If you think of east central Illinois
as flat farmland, you are in for a surprise as you drive into Fox
Ridge State Park. Its 2,064 acres includes steep, thickly wooded
ridges, 11 miles of rugged hiking trails and bottom ground that is
thick with hardwood trees and wildlife, located right along the
Embarras River. This is a spot of Illinois that the glaciers missed
on their ancient pass through the heartland, much like Galena in
evidently an epidemic of spring fever on the nearby campus of
Eastern Illinois University, because the trails are populated with
young people. The beauty of the scenery and the athletic challenge
of the trails no doubt draw them. I, myself, am enjoying the colors
of spring. The redwoods are bursting into bloom, along with the
serviceberries and dogwoods. A few spring flowers remain: Dutchman's
breeches, May apples and wild blue phlox.
Campers enjoy Fox Ridge State Park.
The campground includes sites that are fairly secluded, surrounded
by woods. If you don't have a tent, you can reserve one of three
rustic cabins here at the site. The cabins sleep six. They include a
double bed, bunk beds, a ceiling fan, and right outside, a picnic
table and a grill. It's rustic enough to feel like camping, but you
don't have to sleep right on the ground.
If you visit here, plan
bringing your fishing license. Not far from the campground is a
great fishing hole: Wilderness Pond. A trail that is
handicapped-accessible winds around the trail. There's even a
fishing pier that can accommodate anglers in wheelchairs.
Fishing is also special at Ridge
Lake here in the park. The lake has a secluded feel -- you reach it
by walking down 114 steps. The Illinois Natural History Survey has
been doing research at this lake for decades. In fact, it's been the
subject of continuous study longer than any other lake in the United
States. It is stocked with bluegill, largemouth bass and channel
catfish. It's open for fishing from Memorial Day through Labor Day.
When you visit, the survey researchers loan their boats to you; then
at the end of the fishing excursion, the researchers weigh and
measure your fish and hand them back to you to take home (provided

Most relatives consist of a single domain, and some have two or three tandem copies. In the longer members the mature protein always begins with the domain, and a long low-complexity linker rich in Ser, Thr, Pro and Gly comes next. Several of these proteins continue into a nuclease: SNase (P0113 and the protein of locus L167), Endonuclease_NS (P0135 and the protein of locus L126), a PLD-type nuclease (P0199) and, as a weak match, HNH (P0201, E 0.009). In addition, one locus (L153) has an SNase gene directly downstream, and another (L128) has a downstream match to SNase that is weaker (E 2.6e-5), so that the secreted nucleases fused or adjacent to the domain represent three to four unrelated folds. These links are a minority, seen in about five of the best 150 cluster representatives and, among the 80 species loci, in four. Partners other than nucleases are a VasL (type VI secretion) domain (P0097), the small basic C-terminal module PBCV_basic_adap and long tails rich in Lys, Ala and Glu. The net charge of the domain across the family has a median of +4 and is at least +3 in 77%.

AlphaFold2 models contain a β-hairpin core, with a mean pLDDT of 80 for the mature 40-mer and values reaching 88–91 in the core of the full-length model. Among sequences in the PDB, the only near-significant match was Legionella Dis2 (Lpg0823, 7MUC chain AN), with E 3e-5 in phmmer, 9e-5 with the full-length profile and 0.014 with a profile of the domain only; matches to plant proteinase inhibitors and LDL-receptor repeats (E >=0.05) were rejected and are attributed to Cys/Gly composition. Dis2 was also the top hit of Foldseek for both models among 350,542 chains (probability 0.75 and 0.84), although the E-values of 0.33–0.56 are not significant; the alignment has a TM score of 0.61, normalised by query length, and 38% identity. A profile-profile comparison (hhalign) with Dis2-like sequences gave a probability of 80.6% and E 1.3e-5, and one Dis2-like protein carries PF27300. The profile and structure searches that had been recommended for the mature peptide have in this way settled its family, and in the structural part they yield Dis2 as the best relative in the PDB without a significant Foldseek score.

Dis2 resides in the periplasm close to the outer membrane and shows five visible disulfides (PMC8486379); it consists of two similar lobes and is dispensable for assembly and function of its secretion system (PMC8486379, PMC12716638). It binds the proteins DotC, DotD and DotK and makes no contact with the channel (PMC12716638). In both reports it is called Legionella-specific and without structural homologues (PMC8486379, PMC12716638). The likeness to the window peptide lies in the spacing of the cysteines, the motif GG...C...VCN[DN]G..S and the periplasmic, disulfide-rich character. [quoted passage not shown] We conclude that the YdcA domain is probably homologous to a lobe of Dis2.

they are legal size).
While hikers enjoy the many trails
that wind along the ridges, it is the flood plain that draws my
attention, as it is populated with much of the wildlife that is
native to this park. There is quite a deer population, and many wild
turkeys strut their stuff. If you're lucky, the occasional fox can
be spotted, an illustration of how this park got its name. The birds
are astonishing as well. Eighty-three species nest here, including a
variety of woodpeckers, in the shade of sassafras, pawpaw, oak and
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Fox Ridge State Park is just a few
miles from the Lincoln Log Cabin, the last home of Abraham Lincoln's
father and stepmother. I wonder if the man who became president
walked among these towering oaks when he was young and the trees
were saplings. Historians say the Lincoln homestead here in Coles
County was a subsistence farm, where what was produced here was just
enough for the family to meet daily needs. But as I look upon the
cool beauty of the deep woods, I can't help but reflect that even if
the Lincolns were poor when it came to finances, they were rich in
the beauty of Illinois.
Directions: From Interstate 57, take
the Route 16 exit east to Charleston. Stay on Route 16 all the way
through Charleston to the intersection of Route 16 and Route 130.
Turn right (south) and go seven miles.
From I-70, take the exit for Route
130 north. Go approximately 11 miles.
available at the park:
- Acorn Avenue - Self Guided Nature
- Summer Prairie & Roadside Flowers
- Trees & Shrubs at FRSP
- Spring Flowers at FRSP
- Fox Ridge State Park Bird List.
the state parks:
- April 23 -- "Wandering Among
Wildflowers," Giant City State Park
- April 23 and 24 -- Intertribal
powwow, Wildlife Prairie State Park
- April 24 -- Songbirds and coffee
program, Dickson Mounds Museum
- April 24 -- Owl program, Hennepin
Canal Parkway State Park
- April 29 -- Dedication, Cache
River visitor center, 1:30 p.m.
- Spring catchable trout season
opened April 2 at 5 a.m.
- Youth turkey season, North Zone,
April 2-3; first turkey season, South Zone, April 4-8.
- 3rd Kentucky Infantry, Company F,
living history, at Fort Massac State Park
- Unnecessary mowing of grasses
used for nesting wildlife should stop (April 1-Aug. 1)
Department of Natural Resources news release]